Wednesday, April 16, 2008

Update from April 15 Discussion Group Meeting

What a wonderful way to start the day! We had a small but very enthusiastic and engaged group that met yesterday at B Java. The best coffee in town and stimulating conversation - it certainly started my day on a positive note and kept me going all day.

One of the benefits of meeting at BJ's place was the free WiFi, so I could do a show and tell of the sites I've been playing with all month.

The first question that came up was how much time did I have to devote to my online networking efforts. The honest answer is quite a bit. Probably a couple of hours a day. However, that included research into articles and blogs reviewing the various tools, some trial and error on my part, and setting up and creating all my profiles. The maintenance time will be much less.

However, if all you do is just put up profiles and create contact lists, you're really not going to get much from these tools. You need to establish your presence on these sites and the best way to do this is to participate. With tools like LinkedIn and Naymz once you set up your profile and your networks, your level of activity on the site will depend on your goals. With other sites like Smaller Indiana and Twitter you will need to have more regular interaction to get the most out of the site.

I have to say, I love the LinkedIn Answers section! I'm beginning to work on next month's topic, Women & Leadership, and posted a question on LinkedIn asking for referrals on resources for that project. I was completely blown away by the number of responses I got back and the majority of them came from people outside of my network! I got referrals to executive coaches, articles, websites and more. (I can't wait for next month!) This is a great tool that can allow you not only to tap into some awesome resources out there but also establish your expertise by providing answers to others. I really like how this feature has made that particular site much more interactive.

I'm a true fan of Smaller Indiana! This week alone, I've had two phone conferences with people I connected with on that site as well as connected a friend of mine looking for a new job with someone who had an opening. I never would have made those connections otherwise. I've made a point of trying to add something new every day. It may be as simple as adding a comment to an ongoing discussion or adding the W&HT discussion group meetings to the event calendar.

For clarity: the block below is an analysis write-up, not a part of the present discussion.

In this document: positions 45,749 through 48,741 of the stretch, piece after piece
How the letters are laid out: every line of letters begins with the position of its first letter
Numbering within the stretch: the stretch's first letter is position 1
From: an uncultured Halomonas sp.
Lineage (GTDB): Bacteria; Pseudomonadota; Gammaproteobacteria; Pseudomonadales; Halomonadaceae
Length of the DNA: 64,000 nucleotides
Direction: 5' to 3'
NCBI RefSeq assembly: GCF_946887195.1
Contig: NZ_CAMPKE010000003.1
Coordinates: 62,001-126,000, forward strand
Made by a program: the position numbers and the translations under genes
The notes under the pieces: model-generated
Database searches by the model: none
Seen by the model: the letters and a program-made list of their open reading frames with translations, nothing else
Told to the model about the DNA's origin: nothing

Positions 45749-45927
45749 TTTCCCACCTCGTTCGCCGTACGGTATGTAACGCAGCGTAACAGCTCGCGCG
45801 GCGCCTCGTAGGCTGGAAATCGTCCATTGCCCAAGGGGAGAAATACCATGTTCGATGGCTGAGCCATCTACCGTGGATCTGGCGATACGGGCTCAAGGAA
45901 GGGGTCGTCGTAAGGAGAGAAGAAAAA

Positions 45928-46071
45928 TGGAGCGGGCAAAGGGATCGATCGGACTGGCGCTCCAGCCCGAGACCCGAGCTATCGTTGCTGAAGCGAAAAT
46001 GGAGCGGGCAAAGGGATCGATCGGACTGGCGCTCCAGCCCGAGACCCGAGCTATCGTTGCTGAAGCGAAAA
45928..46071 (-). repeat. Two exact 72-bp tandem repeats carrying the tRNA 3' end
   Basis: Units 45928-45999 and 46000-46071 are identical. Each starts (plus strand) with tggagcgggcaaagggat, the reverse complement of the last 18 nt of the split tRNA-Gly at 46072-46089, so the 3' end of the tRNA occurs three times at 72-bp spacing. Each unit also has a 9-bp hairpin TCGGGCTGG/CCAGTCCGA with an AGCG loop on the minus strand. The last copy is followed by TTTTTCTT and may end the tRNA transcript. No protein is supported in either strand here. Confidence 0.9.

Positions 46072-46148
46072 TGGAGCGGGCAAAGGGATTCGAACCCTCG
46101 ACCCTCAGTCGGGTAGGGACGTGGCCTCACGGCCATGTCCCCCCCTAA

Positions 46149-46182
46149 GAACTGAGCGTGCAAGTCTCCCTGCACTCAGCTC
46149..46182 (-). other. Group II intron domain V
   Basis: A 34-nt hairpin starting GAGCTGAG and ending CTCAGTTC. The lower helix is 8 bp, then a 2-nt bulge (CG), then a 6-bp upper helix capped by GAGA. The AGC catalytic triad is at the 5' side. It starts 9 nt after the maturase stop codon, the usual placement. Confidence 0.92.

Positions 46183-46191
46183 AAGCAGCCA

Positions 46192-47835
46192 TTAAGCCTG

I've had an interesting experience with Twitter. I'm still on the learning curve. I'd initially crossed it off my list of sites to try out based on feedback from my technical consultant, my 26 year old daughter. I'd describe it as blogging for the ADD set. There's everything out there from people sharing the mundane, like what they had for lunch, to sharing really useful information. Since your posts are limited to 140 characters, it does force you to be succinct. I did find a useful blog entry on using Twitter, How to Use Twitter, Tips for Bloggers. Even though the focus is on blogging, the tips are useful for anyone wanting to establish an online presence. I've chosen to only follow people I think post useful information. I was surprised when I looked at my list the the majority are men. I need to do a bit more research and see how many women use the site. So, for those of you out there reading this, do you use Twitter? You can follow me @indyjoyb.

In summary, I am extremely pleased with the results I've seen from my virtual networking efforts these past few weeks. I don't intend this to be a one time effort and I'm currently working on ways to incorporate these activities into my regular routine.

Monday, April 14, 2008

More Insights from Virtual Networking Project

This has been a wonderfully beneficial project for me! I’ll admit to being somewhat lax about making use of the tools out there. Since I began this project at the end of last month I have:

  • Reconnected with several colleagues I’d worked with previously and lost touch with after moving on with our careers
  • Found a great lead for a friend looking to change jobs
  • Learned about a blogging conference, blogIN (hopefully I’ll learn things to make this a better resource)

Got lots or great feedback on how others are using virtual networking tools

I posted a question on LinkedIn asking how others use virtual networking tools and was impressed by the number of responses I received. I received many thoughtful, and insightful responses. Here are some highlights:

From Lisa Mattler (in my network):
The two I use most are Linkedin and DC Web Women (technical web site).

Linkedin is strictly professional. Use that to locate technical expertise that I may need to a project or recruiting resources when there is a job opening (either on a project or internal position with the company).

DC Web women … there is a professional and social listserv. Professional is used to ask technical advice, post positions, sharing of information, offer services, etc.

The social side you can ask anything under the sun from recommendations on a plumber, where to eat or career advice. It is a great source of information. Example: I am getting ready to study for my PMP certification. Posted a message regarding what did most people find the greatest value in – self study or instructor lead courses. Also asked to recommend names of the resources. It was very insightful.

From John Blue (in my network)